The Chinese smartphone company Vivo, which has a strong presence in sub-continent and Asian countries, is investing $560 million in India for a new smartphone plant.
A worrying outlook for Pakistan
On the other hand, Pakistan has yet to push the local production of smartphones. Even with the vast amount of cheap labor readily accessible to investors, smartphone companies are still reluctant to set up their manufacturing facilities in Pakistan. When we dive a bit into the problem, there are a number of reasons which are making them reluctant to invest in local manufacturing plants. Issues like confusing tax structure, high tariffs on imports, less than admirable law and order situation, power supply issues, and rampant corruption faced by any new business starting in the country are a few issues which need to be immediately addressed.
Pakistan has a large and growing smartphone market. With more than 34 percent smartphone penetration in a huge population of over 200 million, it is a big market for companies like Vivo, Huawei, Samsung, and Nokia. But, unfortunately, we are still unable to convince them to open local manufacturing plants in Pakistan, leading to a huge import bill which is burdening the economy instead of creating new jobs and increasing investment like we have seen happening time and time again in India.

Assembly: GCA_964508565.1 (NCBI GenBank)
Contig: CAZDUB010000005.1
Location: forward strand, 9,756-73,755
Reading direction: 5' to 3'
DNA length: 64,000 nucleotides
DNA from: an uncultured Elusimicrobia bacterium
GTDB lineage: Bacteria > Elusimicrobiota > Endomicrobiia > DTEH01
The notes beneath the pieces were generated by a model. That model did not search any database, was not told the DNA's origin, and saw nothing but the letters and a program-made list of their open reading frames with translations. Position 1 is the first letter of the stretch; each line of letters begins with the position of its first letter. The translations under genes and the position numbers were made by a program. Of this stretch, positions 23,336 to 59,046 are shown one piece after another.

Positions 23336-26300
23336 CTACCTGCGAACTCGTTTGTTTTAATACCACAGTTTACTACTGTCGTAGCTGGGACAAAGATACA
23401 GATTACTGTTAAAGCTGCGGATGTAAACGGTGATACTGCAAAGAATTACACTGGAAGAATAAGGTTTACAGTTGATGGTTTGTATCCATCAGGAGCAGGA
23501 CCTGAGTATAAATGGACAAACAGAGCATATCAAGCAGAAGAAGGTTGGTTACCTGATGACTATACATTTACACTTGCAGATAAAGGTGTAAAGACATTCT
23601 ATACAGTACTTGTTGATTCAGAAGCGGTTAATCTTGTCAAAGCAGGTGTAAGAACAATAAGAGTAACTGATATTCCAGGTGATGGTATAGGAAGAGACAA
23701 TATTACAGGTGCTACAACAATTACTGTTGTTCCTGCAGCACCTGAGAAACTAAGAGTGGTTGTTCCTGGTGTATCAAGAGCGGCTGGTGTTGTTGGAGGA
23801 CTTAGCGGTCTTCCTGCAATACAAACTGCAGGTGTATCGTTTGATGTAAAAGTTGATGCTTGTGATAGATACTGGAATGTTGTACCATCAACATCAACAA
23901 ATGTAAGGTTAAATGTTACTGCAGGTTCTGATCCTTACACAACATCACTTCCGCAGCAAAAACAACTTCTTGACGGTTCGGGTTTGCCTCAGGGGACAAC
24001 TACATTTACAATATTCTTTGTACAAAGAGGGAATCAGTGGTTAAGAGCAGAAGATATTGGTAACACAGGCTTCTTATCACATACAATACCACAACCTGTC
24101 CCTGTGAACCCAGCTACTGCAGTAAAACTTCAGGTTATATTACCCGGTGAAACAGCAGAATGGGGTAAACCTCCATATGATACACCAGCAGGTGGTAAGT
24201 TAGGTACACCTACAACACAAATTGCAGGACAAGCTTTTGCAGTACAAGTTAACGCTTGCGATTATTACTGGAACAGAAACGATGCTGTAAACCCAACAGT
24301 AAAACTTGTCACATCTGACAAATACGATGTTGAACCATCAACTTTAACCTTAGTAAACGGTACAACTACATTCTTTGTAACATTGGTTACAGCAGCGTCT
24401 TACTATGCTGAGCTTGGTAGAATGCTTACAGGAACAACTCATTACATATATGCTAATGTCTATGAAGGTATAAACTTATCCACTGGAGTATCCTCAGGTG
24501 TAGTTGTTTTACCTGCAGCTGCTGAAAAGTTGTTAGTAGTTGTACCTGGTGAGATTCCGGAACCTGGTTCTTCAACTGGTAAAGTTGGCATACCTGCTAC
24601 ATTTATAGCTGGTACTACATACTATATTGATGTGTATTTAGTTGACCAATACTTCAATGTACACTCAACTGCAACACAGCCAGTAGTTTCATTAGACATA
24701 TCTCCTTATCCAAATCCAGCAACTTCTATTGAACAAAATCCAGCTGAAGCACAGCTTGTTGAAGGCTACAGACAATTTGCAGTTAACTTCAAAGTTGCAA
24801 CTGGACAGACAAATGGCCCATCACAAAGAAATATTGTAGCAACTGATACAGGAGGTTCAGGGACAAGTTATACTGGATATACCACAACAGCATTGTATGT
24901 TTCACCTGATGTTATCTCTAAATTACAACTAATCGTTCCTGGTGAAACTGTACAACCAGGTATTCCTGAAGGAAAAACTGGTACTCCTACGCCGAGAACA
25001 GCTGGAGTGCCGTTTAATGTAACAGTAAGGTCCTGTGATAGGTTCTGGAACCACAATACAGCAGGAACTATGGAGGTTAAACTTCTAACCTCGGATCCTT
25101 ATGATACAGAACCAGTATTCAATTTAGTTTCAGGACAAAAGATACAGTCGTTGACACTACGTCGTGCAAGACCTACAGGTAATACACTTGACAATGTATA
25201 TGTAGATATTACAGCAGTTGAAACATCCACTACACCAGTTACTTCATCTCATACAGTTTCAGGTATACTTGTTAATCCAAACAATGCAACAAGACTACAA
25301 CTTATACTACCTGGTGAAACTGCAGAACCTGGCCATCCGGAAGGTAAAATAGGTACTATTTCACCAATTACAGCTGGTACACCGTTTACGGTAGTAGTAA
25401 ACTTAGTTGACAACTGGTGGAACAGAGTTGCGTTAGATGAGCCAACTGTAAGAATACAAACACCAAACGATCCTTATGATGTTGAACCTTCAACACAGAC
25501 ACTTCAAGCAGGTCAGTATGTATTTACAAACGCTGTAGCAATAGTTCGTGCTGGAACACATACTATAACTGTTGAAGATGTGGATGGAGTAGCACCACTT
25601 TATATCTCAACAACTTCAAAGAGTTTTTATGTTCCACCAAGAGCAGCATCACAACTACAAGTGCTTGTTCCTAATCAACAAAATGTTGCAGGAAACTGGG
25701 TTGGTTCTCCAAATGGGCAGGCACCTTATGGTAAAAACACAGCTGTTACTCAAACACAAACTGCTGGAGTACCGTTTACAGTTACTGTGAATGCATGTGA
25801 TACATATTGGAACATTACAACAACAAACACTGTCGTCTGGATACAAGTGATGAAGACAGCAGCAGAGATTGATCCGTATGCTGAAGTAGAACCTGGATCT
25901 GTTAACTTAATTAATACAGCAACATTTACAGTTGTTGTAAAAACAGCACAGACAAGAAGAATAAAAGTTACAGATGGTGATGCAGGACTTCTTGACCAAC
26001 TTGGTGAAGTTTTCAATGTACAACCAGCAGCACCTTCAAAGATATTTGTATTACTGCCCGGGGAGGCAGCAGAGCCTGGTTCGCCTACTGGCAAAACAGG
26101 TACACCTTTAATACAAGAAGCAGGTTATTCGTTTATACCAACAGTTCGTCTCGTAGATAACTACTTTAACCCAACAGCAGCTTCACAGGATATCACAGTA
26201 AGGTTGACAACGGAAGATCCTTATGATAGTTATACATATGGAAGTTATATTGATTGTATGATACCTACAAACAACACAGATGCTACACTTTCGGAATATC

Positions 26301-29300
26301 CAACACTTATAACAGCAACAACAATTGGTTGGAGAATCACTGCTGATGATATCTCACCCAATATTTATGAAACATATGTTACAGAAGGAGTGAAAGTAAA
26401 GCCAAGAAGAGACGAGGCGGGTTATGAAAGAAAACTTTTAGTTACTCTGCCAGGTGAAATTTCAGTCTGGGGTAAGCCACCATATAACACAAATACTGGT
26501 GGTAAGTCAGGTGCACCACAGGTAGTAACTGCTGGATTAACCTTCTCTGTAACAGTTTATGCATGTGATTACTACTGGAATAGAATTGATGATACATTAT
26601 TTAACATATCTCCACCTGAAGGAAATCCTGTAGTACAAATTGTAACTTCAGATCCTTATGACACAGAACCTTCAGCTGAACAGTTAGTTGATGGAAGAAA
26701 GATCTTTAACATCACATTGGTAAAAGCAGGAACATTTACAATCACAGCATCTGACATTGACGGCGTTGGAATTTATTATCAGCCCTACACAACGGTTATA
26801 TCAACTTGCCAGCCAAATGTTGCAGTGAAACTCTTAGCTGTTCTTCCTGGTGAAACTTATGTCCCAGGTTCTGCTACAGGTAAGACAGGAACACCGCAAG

Instead, with the increased duties on imported phones, and no locally manufactured phones in sight any time soon, Pakistan is only increasing the burden on its existing smartphone market, instead of fostering and growing it to make it more enticing for smartphone manufacturers.
What needs to be done?
Apart from enacting immediate reforms in the taxation sector and improving ease of doing business for foreign companies, Pakistan also needs to take a hard stance to encourage production of locally manufactured smartphones. Making it compulsory for every brand who wishes to do business in Pakistan to manufacture a certain portion of their smartphones locally can be one step which might be able to push the industry in the right direction.
Unless we wish to keep falling behind India in every department related to technology development, we need to take some hard decisions to remedy this situation.